旧版特色

!

网友评论(U5D51Ziv84451))

  • 李兰芳 08-09

      Rosial now told Philobone to conduct Philogenet all over the Court, and show him what lovers and what officers dwelt there; for he was yet a stranger.

  • 宋峤 08-09

      And, shortly forth this tale for to chase, I say, that to this newe marchioness God hath such favour sent her of his grace, That it ne seemed not by likeliness That she was born and fed in rudeness, -- As in a cot, or in an ox's stall, -- But nourish'd in an emperore's hall.

  • 戴定一 08-09

       "When we be come there as I say, More wondrous thinges, dare I lay,* *bet Of Love's folke more tidings, Both *soothe sawes and leasings;* *true sayings and lies* And more loves new begun, And long y-served loves won, And more loves casually That be betid,* no man knows why, *happened by chance But as a blind man starts a hare; And more jollity and welfare, While that they finde *love of steel,* *love true as steel* As thinketh them, and over all weel; More discords, and more jealousies, More murmurs, and more novelties, And more dissimulations, And feigned reparations; And more beardes, in two hours, Withoute razor or scissours Y-made, <14> than graines be of sands; And eke more holding in hands,* *embracings And also more renovelances* *renewings Of old *forleten acquaintances;* *broken-off acquaintanceships* More love-days,<15> and more accords,* *agreements Than on instruments be chords; And eke of love more exchanges Than ever cornes were in granges."* *barns

  • 星德宝 08-09

      "Now, sirs," quoth then this Osewold the Reeve, I pray you all that none of you do grieve, Though I answer, and somewhat set his hove*, *hood <11> For lawful is *force off with force to shove.* *to repel force This drunken miller hath y-told us here by force* How that beguiled was a carpentere, Paraventure* in scorn, for I am one: *perhaps And, by your leave, I shall him quite anon. Right in his churlish termes will I speak, I pray to God his necke might to-break. He can well in mine eye see a stalk, But in his own he cannot see a balk."<12>

  • 林春家 08-08

    {  18. TN: "Sides small": a conventional description for a woman, not a man.

  • 宋春丽 08-07

      Between 1359, when the poet himself testifies that he was made prisoner while bearing arms in France, and September 1366, when Queen Philippa granted to her former maid of honour, by the name of Philippa Chaucer, a yearly pension of ten marks, or L6, 13s. 4d., we have no authentic mention of Chaucer, express or indirect. It is plain from this grant that the poet's marriage with Sir Payne Roet's daughter was not celebrated later than 1366; the probability is, that it closely followed his return from the wars. In 1367, Edward III. settled upon Chaucer a life- pension of twenty marks, "for the good service which our beloved Valet -- 'dilectus Valettus noster' -- Geoffrey Chaucer has rendered, and will render in time to come." Camden explains 'Valettus hospitii' to signify a Gentleman of the Privy Chamber; Selden says that the designation was bestowed "upon young heirs designed to he knighted, or young gentlemen of great descent and quality." Whatever the strict meaning of the word, it is plain that the poet's position was honourable and near to the King's person, and also that his worldly circumstances were easy, if not affluent -- for it need not be said that twenty marks in those days represented twelve or twenty times the sum in these. It is believed that he found powerful patronage, not merely from the Duke of Lancaster and his wife, but from Margaret Countess of Pembroke, the King's daughter. To her Chaucer is supposed to have addressed the "Goodly Ballad", in which the lady is celebrated under the image of the daisy; her he is by some understood to have represented under the title of Queen Alcestis, in the "Court of Love" and the Prologue to "The Legend of Good Women;" and in her praise we may read his charming descriptions and eulogies of the daisy -- French, "Marguerite," the name of his Royal patroness. To this period of Chaucer's career we may probably attribute the elegant and courtly, if somewhat conventional, poems of "The Flower and the Leaf," "The Cuckoo and the Nightingale," &c. "The Lady Margaret," says Urry, ". . . would frequently compliment him upon his poems. But this is not to be meant of his Canterbury Tales, they being written in the latter part of his life, when the courtier and the fine gentleman gave way to solid sense and plain descriptions. In his love-pieces he was obliged to have the strictest regard to modesty and decency; the ladies at that time insisting so much upon the nicest punctilios of honour, that it was highly criminal to depreciate their sex, or do anything that might offend virtue." Chaucer, in their estimation, had sinned against the dignity and honour of womankind by his translation of the French "Roman de la Rose," and by his "Troilus and Cressida" -- assuming it to have been among his less mature works; and to atone for those offences the Lady Margaret (though other and older accounts say that it was the first Queen of Richard II., Anne of Bohemia), prescribed to him the task of writing "The Legend of Good Women" (see introductory note to that poem). About this period, too, we may place the composition of Chaucer's A. B. C., or The Prayer of Our Lady, made at the request of the Duchess Blanche, a lady of great devoutness in her private life. She died in 1369; and Chaucer, as he had allegorised her wooing, celebrated her marriage, and aided her devotions, now lamented her death, in a poem entitled "The Book of the Duchess; or, the Death of Blanche.<3>}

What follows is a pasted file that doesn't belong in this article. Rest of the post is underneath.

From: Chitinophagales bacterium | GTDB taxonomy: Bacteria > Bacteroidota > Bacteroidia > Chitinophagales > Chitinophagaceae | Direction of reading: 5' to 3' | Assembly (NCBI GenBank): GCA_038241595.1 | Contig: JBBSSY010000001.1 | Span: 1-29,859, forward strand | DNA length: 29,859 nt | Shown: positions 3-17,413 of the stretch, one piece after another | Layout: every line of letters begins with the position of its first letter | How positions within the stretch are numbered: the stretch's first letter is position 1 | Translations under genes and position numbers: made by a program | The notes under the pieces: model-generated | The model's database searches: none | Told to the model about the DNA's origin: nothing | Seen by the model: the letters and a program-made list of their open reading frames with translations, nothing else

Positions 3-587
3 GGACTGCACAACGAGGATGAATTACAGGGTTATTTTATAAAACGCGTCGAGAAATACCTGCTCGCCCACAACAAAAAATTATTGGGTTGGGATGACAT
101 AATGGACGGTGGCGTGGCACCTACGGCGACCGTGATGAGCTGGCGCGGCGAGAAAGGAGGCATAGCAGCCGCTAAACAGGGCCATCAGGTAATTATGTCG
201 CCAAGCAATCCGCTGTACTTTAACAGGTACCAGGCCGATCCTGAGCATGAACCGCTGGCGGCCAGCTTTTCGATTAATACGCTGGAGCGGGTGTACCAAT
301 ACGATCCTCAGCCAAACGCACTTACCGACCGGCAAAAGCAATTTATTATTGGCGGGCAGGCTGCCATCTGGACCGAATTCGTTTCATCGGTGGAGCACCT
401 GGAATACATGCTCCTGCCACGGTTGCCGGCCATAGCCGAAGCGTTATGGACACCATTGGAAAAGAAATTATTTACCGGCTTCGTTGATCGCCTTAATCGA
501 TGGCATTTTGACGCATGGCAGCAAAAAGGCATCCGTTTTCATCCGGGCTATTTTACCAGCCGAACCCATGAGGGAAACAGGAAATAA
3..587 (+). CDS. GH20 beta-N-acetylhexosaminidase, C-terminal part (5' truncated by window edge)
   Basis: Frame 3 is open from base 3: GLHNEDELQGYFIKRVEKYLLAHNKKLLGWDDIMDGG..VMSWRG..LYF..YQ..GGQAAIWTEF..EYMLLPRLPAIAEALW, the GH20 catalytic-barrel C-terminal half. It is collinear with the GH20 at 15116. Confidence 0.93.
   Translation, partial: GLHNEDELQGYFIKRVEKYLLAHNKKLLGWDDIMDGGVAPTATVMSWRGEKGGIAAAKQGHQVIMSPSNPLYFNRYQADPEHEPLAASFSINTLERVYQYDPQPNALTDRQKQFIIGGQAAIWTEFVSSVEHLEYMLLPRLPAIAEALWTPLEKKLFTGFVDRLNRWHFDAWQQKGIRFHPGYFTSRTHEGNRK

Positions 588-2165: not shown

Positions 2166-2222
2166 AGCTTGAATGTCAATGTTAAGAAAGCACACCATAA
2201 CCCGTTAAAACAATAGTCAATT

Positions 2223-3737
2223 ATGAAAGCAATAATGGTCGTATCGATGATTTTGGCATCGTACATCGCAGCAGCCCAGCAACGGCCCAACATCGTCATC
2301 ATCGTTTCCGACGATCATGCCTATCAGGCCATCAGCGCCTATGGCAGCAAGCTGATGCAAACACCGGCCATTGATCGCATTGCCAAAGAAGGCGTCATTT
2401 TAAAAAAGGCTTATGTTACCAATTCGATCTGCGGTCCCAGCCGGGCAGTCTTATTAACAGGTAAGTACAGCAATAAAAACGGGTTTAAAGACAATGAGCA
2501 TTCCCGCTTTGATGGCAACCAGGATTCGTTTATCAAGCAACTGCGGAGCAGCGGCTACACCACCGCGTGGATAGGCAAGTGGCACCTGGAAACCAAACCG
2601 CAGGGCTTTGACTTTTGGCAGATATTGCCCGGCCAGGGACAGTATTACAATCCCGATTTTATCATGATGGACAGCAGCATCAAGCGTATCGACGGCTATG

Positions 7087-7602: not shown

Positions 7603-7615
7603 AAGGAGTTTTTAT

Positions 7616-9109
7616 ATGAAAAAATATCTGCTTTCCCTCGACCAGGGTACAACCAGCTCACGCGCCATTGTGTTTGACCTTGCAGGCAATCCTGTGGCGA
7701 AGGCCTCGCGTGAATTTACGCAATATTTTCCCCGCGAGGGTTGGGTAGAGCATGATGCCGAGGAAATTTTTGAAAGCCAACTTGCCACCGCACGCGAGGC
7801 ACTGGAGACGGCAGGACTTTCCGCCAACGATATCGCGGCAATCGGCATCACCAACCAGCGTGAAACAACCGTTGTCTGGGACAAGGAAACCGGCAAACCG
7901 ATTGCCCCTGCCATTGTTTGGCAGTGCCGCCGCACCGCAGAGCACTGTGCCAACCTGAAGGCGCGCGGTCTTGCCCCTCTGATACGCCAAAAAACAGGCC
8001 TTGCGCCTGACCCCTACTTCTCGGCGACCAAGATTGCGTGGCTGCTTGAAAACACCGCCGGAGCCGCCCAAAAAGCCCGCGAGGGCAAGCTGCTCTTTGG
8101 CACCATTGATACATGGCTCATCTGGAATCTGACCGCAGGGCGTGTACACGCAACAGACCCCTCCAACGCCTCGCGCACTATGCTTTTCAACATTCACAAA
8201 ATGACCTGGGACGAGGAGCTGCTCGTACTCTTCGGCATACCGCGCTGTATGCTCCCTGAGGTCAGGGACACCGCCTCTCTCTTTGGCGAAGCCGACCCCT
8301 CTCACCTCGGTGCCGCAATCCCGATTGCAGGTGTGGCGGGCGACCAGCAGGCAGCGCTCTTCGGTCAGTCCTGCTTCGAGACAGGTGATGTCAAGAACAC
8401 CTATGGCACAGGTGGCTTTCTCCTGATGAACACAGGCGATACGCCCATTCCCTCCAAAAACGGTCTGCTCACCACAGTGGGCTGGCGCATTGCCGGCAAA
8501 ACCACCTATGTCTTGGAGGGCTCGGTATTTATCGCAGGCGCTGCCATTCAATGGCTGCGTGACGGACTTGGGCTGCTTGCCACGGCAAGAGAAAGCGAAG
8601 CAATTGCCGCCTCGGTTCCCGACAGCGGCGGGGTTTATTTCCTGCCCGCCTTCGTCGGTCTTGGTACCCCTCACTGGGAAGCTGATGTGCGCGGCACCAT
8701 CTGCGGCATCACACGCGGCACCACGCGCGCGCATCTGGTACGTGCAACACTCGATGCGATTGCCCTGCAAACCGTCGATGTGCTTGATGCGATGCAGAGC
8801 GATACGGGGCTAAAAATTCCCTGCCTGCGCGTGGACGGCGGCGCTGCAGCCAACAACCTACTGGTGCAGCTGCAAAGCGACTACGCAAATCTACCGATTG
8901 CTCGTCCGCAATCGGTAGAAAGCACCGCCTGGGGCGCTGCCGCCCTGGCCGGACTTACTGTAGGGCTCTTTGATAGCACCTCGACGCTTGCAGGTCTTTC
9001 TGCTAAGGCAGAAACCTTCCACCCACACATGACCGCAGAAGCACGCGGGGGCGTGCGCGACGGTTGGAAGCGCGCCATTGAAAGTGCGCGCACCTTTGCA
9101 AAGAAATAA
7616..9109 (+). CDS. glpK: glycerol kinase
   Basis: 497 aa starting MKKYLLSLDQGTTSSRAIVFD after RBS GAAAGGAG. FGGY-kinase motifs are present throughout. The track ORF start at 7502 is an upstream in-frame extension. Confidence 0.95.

• 图伊 08-07

      Two sones, by this Odenate had she, The which she kept in virtue and lettrure.* *learning But now unto our tale turne we; I say, so worshipful a creature, And wise therewith, and large* with measure,** *bountiful **moderation So penible* in the war, and courteous eke, *laborious Nor more labour might in war endure, Was none, though all this worlde men should seek.

  • 张亚楠 08-07

      21. Another and better reading is "a week or two."

  • 叶檀 08-06

       He vouchesaf'd, tell Him, as was His will, Become a man, *as for our alliance,* *to ally us with god* And with His blood He wrote that blissful bill Upon the cross, as general acquittance To ev'ry penitent in full creance;* *belief And therefore, Lady bright! thou for us pray; Then shalt thou stenten* alle His grievance, *put an end to And make our foe to failen of his prey.

  • 肖旋 08-04

    {  Notes to the Prologue to the Friar's tale

  • 阿努拉 08-04

      "O judge, *confused in thy nicety,* *confounded in thy folly* Wouldest thou that I reny innocence? To make me a wicked wight," quoth she, "Lo, he dissimuleth* here in audience; *dissembles He stareth and woodeth* in his advertence."** *grows furious **thought To whom Almachius said, "Unsely* wretch, *unhappy Knowest thou not how far my might may stretch?

提交评论